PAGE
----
I’d probably feel the same way if I read the book today. But my takeaway from reading all of those reviews is not that the book is trash, but that everyone desperately needs and deserves time to rest. That the demands of capitalism and the never ending hustle are poison to our bodies, our families and our happiness.
Perhaps the reason that Italy looms so large in so many of these narratives is that the Italians have clung tighter to fundamental truths about what matters: food, beauty, community, family, art, the land. And more importantly, the time to appreciate all of it. It’s very far from a perfect place, but they do a much better job than we do in America. Plus they have universal health care.
The truth is, we saw a portal to an escape in the form of a work opportunity for Andy, and we jumped. And now I am here, resting. I am recovering from 20 years of teaching in a thankless school system that chews people up, steals their life force and spits them out. I am recovering from the pandemic and from injuries to my body. I am trying to heal a marriage, spend time with Cleo, soak in as much art and life as I can, and escape a society that I feel is rotten to its core…at least until the money runs out.
It’s privilege. And it’s perspective. And it’s a gift. And it’s melancholy and sometimes lonely, and I am grateful and sometimes sad, energized and lazy, filled with joy and missing my people, and discovering so much each day.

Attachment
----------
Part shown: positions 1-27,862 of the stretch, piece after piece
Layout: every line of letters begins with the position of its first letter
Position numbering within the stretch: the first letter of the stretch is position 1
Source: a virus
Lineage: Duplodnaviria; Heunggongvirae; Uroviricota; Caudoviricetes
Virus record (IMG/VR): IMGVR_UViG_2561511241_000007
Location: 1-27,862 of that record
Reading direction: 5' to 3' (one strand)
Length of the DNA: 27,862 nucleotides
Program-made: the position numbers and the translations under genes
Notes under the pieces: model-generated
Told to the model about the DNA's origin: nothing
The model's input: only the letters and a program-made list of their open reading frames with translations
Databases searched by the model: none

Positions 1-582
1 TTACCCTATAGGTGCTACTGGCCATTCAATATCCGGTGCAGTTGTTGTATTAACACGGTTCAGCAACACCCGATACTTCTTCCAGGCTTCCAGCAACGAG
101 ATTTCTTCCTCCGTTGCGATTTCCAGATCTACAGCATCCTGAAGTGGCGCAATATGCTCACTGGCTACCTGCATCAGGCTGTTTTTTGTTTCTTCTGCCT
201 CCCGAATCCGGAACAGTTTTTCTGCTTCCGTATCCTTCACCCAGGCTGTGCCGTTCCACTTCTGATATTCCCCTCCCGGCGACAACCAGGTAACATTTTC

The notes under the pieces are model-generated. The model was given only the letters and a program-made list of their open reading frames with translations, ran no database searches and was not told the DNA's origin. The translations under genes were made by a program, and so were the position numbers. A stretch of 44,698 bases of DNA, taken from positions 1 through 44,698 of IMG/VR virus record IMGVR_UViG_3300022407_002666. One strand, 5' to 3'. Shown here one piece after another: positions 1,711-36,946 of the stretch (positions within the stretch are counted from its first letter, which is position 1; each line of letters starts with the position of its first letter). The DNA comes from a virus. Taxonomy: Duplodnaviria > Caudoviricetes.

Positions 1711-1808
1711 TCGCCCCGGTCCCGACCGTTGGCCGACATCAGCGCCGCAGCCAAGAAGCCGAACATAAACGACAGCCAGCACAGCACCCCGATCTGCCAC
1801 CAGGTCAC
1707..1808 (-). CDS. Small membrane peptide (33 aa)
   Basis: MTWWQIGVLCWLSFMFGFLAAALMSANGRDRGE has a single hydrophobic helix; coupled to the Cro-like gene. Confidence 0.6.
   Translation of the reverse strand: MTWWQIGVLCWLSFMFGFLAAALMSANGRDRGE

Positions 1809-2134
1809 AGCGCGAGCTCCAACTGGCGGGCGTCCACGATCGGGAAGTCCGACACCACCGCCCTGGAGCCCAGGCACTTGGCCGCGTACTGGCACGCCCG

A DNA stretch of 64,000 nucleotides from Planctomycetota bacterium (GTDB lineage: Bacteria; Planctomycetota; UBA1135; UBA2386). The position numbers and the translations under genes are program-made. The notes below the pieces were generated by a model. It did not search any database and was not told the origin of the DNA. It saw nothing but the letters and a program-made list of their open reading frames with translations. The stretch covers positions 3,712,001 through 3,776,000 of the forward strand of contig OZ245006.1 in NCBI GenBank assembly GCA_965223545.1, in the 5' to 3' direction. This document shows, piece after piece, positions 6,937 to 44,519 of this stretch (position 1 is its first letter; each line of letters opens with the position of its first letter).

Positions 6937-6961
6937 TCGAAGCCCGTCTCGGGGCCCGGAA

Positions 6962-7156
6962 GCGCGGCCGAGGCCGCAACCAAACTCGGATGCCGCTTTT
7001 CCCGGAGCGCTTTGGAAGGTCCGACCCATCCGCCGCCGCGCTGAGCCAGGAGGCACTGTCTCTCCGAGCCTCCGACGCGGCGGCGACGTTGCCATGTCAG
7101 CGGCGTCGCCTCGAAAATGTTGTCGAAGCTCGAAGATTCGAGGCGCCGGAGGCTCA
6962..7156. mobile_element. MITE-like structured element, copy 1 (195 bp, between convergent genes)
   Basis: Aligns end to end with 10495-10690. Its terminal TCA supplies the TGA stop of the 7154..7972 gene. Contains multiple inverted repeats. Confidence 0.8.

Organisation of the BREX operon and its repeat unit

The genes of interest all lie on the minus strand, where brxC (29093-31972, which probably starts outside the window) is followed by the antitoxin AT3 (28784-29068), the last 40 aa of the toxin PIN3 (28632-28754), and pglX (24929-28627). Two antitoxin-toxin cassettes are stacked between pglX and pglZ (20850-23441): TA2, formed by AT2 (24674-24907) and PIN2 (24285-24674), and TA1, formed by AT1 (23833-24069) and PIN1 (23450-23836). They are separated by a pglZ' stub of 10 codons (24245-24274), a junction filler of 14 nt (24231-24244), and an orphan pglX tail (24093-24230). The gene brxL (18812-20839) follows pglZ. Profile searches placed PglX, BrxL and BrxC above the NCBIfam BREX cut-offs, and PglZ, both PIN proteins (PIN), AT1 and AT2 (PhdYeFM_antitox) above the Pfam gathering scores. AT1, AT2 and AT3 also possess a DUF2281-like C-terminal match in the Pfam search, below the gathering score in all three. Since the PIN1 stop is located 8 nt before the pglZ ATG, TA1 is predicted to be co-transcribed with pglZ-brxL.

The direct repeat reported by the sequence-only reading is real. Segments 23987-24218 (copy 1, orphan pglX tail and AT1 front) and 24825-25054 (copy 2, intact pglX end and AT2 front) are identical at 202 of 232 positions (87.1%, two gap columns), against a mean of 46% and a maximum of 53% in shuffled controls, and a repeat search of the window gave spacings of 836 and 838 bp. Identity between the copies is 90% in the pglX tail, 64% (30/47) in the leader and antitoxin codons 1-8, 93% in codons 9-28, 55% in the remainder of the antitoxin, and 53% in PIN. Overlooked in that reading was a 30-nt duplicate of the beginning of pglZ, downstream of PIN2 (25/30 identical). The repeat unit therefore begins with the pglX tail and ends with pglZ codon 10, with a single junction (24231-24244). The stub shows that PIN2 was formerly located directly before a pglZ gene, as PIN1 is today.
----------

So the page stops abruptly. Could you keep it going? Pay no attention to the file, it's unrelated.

So yeah, perhaps I am trying to reclaim a little piece of that 17-year-old me that’s been lost.
And this is where I leave you, dear reader.
From Under the Tuscan Sun (I couldn’t resist),
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I love that you found yourself in your 17 year old fantasy and recognized how much you have grown since then. Yes, there is privilege in the world. Everyone has it in some way, shape or form. The fact that you are sharing your experience with us is amazing. One of the magical things about people sharing their personal experience, privileged or not, is that we recognize ourselves in the story. Whether it's a common wish or goal, a little envy, or just learning about an experience completely foreign to us, that's valuable. I'm happy that you are getting a break, that you are getting rest, that you are reconnecting with what's important to you. Everyone deserves that. I've always known you for being authentic and that comes through in your writing. Please keep sharing your writing with us, and my hope for you is that this international experience will allow you to live out some of your dreams, connect with the things that give you life and energy, and that you walk away from the experience with new dreams and a zest for what is available to you in the future.
Hi Belle - I’m one of your dad’s plant growing friends. Re Gilbert, I had that same reaction to Eat Pray Love Barf! However her novel The Signature of All Things was a welcome corrective. That wonderful writing and a much more interesting read It helped me to forgive her.
I so enjoyed your post - the marvel of the place, the coincidence and your re-visioning of the Bertolucci movie from your youth.